New Jersey became the state with the worst-funded public pension system in the U.S. in 2015, followed closely by Kentucky and Illinois.
The Garden State had $135.7 billion less than it needs to cover all the benefits that have been promised, a $22.6 billion increase over the prior year, according to data compiled by Bloomberg. Illinois’s unfunded pension liabilities rose to $119.1 billion from $111.5 billion.
The two were among states whose retirement systems slipped further behind as rock-bottom bond yields and lackluster stock-market gains caused investment returns to fall short of targets. The median state pension had 74.5 percent of assets needed to meet promised benefits, down from 75.6 percent the prior year. The decline followed two years of gains. The shortfall for states overall was $1.1 trillion in 2015.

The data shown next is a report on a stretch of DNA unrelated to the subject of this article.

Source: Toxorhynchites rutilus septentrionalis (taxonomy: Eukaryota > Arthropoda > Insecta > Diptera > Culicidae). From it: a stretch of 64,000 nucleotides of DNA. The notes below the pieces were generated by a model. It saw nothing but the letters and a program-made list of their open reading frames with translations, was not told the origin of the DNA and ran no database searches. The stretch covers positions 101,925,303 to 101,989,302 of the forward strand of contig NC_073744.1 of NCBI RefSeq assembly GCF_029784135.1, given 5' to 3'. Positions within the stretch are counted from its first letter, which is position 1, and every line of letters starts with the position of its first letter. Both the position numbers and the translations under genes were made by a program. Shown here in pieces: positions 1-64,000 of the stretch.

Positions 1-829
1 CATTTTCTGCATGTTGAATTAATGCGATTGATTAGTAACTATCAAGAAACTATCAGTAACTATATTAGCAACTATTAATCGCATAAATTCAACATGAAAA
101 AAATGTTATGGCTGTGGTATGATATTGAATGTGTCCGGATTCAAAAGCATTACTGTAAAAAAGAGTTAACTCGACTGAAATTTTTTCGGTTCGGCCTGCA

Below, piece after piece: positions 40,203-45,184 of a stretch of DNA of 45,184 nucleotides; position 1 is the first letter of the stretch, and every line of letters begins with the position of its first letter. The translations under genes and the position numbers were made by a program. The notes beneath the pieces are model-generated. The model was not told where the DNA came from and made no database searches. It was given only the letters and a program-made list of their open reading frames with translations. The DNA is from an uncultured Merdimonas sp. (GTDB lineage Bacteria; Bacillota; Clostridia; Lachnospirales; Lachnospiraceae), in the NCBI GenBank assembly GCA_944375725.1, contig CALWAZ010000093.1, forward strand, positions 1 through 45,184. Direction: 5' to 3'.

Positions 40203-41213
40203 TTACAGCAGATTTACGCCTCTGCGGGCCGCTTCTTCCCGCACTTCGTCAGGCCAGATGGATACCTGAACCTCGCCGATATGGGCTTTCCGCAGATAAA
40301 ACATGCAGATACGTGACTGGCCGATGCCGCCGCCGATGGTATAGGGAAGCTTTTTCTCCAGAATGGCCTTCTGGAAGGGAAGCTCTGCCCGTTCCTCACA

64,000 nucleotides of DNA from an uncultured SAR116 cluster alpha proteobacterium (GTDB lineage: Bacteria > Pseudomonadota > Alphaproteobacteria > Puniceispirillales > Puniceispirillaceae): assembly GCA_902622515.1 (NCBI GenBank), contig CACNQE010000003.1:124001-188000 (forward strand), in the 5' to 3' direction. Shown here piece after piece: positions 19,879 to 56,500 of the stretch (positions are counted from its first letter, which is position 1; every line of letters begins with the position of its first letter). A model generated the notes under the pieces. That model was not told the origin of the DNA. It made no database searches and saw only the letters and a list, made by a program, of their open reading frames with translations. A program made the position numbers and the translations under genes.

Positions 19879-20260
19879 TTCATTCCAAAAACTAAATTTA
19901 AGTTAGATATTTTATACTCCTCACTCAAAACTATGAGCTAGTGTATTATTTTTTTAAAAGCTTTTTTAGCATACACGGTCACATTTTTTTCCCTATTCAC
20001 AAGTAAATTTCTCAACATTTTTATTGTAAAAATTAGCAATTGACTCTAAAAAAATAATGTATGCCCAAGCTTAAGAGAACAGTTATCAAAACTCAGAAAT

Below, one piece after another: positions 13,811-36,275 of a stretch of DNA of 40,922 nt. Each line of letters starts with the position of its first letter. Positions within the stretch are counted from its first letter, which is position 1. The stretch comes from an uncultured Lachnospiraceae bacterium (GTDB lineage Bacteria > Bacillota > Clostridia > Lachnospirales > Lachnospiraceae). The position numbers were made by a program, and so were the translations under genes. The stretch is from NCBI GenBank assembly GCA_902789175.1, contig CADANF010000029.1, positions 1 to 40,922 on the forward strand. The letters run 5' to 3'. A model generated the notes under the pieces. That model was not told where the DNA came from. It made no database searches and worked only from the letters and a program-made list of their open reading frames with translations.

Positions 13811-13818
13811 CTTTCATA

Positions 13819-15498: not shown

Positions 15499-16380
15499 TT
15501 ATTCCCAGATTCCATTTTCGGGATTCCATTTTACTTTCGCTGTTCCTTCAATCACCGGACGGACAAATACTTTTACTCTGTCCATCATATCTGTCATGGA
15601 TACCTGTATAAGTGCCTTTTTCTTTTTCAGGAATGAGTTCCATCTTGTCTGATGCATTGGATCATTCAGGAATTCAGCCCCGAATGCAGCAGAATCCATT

New Jersey and Illinois’ pension liabilities have led to credit-credit rating cuts and higher borrowing costs relative to other governments. The Garden State 10-year bonds yield about 2.5 percent, or 0.8 percentage point more than top-rated debt and the second highest among 20 states surveyed by Bloomberg. Illinois pays the highest, 3.7 percent.